to be thet capstone of free public
school systems in every state."

'To Our Youth'
'Set as Them e
Of Miehig ras
Stiff tin soldiers, baby dolls,
bright: red wagons and block tow-
ers-and miniature satellites, lately
-are especially shiny memories of
the bright world of childhood.
Michigras is bringing it back-
complete with carnival and par-
ade. This year's Michigras theme,
announced to house representa-
tives at a meeting last night, is
"To Our Youth-TOYs."
The theme will be used for all
Michigras weekend publicity April
22 and 23. Yellow and orange,
official Michigras colors, will key-
note all publicity coming from the
Central Committee
General committee chairmen are
Harvey Lapides, '60, and Joan
Machalski, '60A&D. Bill Fried, '60,
and Marilyn Zdrodowski,4 '6OEd
are booths chairmen; Robert Brod,
'61, and Anne Wear, '61, are par-
ade chairmen.
Petitions for booths and floats
distributed last night are. stand-
ardized and need only be filled in.
They will be received between 3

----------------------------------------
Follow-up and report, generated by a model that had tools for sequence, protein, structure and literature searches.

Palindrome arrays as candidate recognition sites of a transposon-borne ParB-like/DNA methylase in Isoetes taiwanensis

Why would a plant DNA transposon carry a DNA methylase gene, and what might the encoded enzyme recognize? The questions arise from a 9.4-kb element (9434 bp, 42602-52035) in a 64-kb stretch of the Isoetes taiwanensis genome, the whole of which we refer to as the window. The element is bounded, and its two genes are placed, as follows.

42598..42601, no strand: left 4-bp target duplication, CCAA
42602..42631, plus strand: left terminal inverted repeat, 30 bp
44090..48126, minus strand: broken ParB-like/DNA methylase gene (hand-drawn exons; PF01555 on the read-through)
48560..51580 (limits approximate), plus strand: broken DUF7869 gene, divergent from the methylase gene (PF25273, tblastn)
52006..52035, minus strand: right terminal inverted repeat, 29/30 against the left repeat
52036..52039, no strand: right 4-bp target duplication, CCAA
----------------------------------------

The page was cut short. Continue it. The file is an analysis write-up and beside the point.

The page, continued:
and 5 p.m. on Feb. 19 only in the
Union.

A memorable dramatic greeting to the 6's ...
Next Week-Three Peroran Ces Onl
The Incomparable
GEORGE BERNARD SHAW
Witty and Timeless
Bri 11Iiantly Outrageous
Directed by JERRY SANDLER
(Director of "Diary of Anne Frank")
Produced by
Ann Arbor Civic Theatre, Inc.
TRIUMPH IN RECENT BROADWAY REYVIAL!
"A comedy which is as new.. . as tomorrow."
(N.Y. Doily News)
"Represents him at the height of his powers"
(New Yorker)
"Most rewarding comedy on Broadway."
(Saturday Review)
/lVi': Pr .....A . .... .... gL..j. Kf 1 f'tJtAfA f?l A Dlerr

l

DIAL NO 5-6290

"One

Starting TODAY
of the Year's Ten Best!
"PAUL MUNI TRIUMPHS!"
-N.Y. World-Telegram
THE L.D.'s, M.D.'s AND
GALOOTS SPRING TO LIFE
FROM THE PAGES OF

L

THE HOOD IN THE HEADLINES

ri:.::;: